Blogs Are Stupid

Doesn't anyone believe in Dear Diary anymore? What happened to the joy of putting actual pen to paper? And why does every ordinary Jane and John think they can write well enough to burden the world with their scribblings? It’s a mystery that badly needs solving. My first entry contains my thoughts about blogging and will set your expectations. The rest will probably be stream of consciousness garbage, much like you’ll find on any other blog. Perhaps we will both come away enlightened.

Wednesday, June 06, 2007

The Photo

I grew up as the oldest of three girls.

The middle child, the sister closest in age to me, is the one with whom I share a very special bond. Even now that we are almost a thousand miles apart, she's my best friend and confidant. I love her children as my own, and I miss them desperately every day. Many of my fondest childhood memories are of her, and the adventures we had together.

My youngest sister and I have never been close. She is six years younger than me and for most of my chidlhood, she existed on the fringes of my life as a crying baby, a whining toddler, an annoying kindergartener.

In many ways, she was entirely superfluous to my existence. We never played with the same kids, we never attended the same school, we never had the same interests. Other than a few very notable exceptions, she is largely absent from my collective childhood memories.

That wasn't a purposeful thing. Nobody did anything to alienate us from one another. It's just the way things were because of our age difference and because we were and are polar opposites in every possible respect.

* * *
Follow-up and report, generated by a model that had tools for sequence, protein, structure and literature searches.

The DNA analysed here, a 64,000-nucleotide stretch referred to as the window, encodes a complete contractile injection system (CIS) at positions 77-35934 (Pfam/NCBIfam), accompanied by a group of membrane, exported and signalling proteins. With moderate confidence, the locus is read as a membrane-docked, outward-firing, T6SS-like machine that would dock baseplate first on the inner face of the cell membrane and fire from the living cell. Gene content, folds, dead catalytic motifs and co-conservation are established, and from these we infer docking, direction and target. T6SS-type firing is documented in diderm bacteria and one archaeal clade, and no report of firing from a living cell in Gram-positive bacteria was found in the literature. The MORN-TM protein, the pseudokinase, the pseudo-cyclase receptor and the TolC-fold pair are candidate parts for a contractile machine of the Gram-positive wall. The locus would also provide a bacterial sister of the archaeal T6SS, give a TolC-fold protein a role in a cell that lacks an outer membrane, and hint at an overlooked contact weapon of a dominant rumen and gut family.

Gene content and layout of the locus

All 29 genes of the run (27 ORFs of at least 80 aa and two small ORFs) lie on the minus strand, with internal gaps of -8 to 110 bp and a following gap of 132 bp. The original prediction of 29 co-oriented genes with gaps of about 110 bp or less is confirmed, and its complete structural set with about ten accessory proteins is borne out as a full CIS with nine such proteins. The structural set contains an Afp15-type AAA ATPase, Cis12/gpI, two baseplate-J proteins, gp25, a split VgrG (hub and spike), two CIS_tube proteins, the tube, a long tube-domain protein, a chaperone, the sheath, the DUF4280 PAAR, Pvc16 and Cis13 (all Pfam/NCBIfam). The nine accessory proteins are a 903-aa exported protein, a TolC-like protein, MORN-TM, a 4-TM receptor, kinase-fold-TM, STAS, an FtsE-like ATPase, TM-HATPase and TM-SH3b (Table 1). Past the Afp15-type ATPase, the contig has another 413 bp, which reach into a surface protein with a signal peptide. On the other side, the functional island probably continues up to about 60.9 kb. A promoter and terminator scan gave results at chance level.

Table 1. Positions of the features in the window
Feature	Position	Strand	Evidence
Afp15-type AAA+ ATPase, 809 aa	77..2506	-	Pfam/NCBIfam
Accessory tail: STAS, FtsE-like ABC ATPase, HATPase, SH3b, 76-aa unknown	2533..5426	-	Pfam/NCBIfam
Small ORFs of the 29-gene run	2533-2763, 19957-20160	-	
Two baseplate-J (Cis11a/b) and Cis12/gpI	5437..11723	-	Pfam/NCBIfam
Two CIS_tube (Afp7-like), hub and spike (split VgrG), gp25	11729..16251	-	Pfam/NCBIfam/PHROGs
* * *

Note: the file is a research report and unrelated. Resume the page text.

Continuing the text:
But I think it's sad all the same.

I left home when she was just 12 years old. I visited once or twice a year, but she had her friends, her interests, her own life. I wasn't particularly interested in hearing about or associating with her friends, whom I considered "trashy". She wasn't really interested in hearing about my job, my social life, my "hoity toity" existence in the big city.

As a young adult, she made what I considered to be some very bad choices. I disapproved. She felt judged. I tried to help. She resentment my meddling. I felt rejected. And our relationship eroded even further.

We became strangers.

Our history is so checkered with resentment and anger that it's difficult to relate to one another too deeply without the risk of resurrecting old hurts.

None of this means that I don't love her. On the contrary...I love her very much. And it's because I love her that I worry, I meddle, I judge. It's what big sisters do, even big sisters who are estranged from their little sisters by time and circumstance.

She is smart, my little sister, but she doesn't give herself enough credit. I hate that. She has such incredible potential. She could be so much. She could have so much. And of course, I want it all for her...even if she doesn't want it for herself.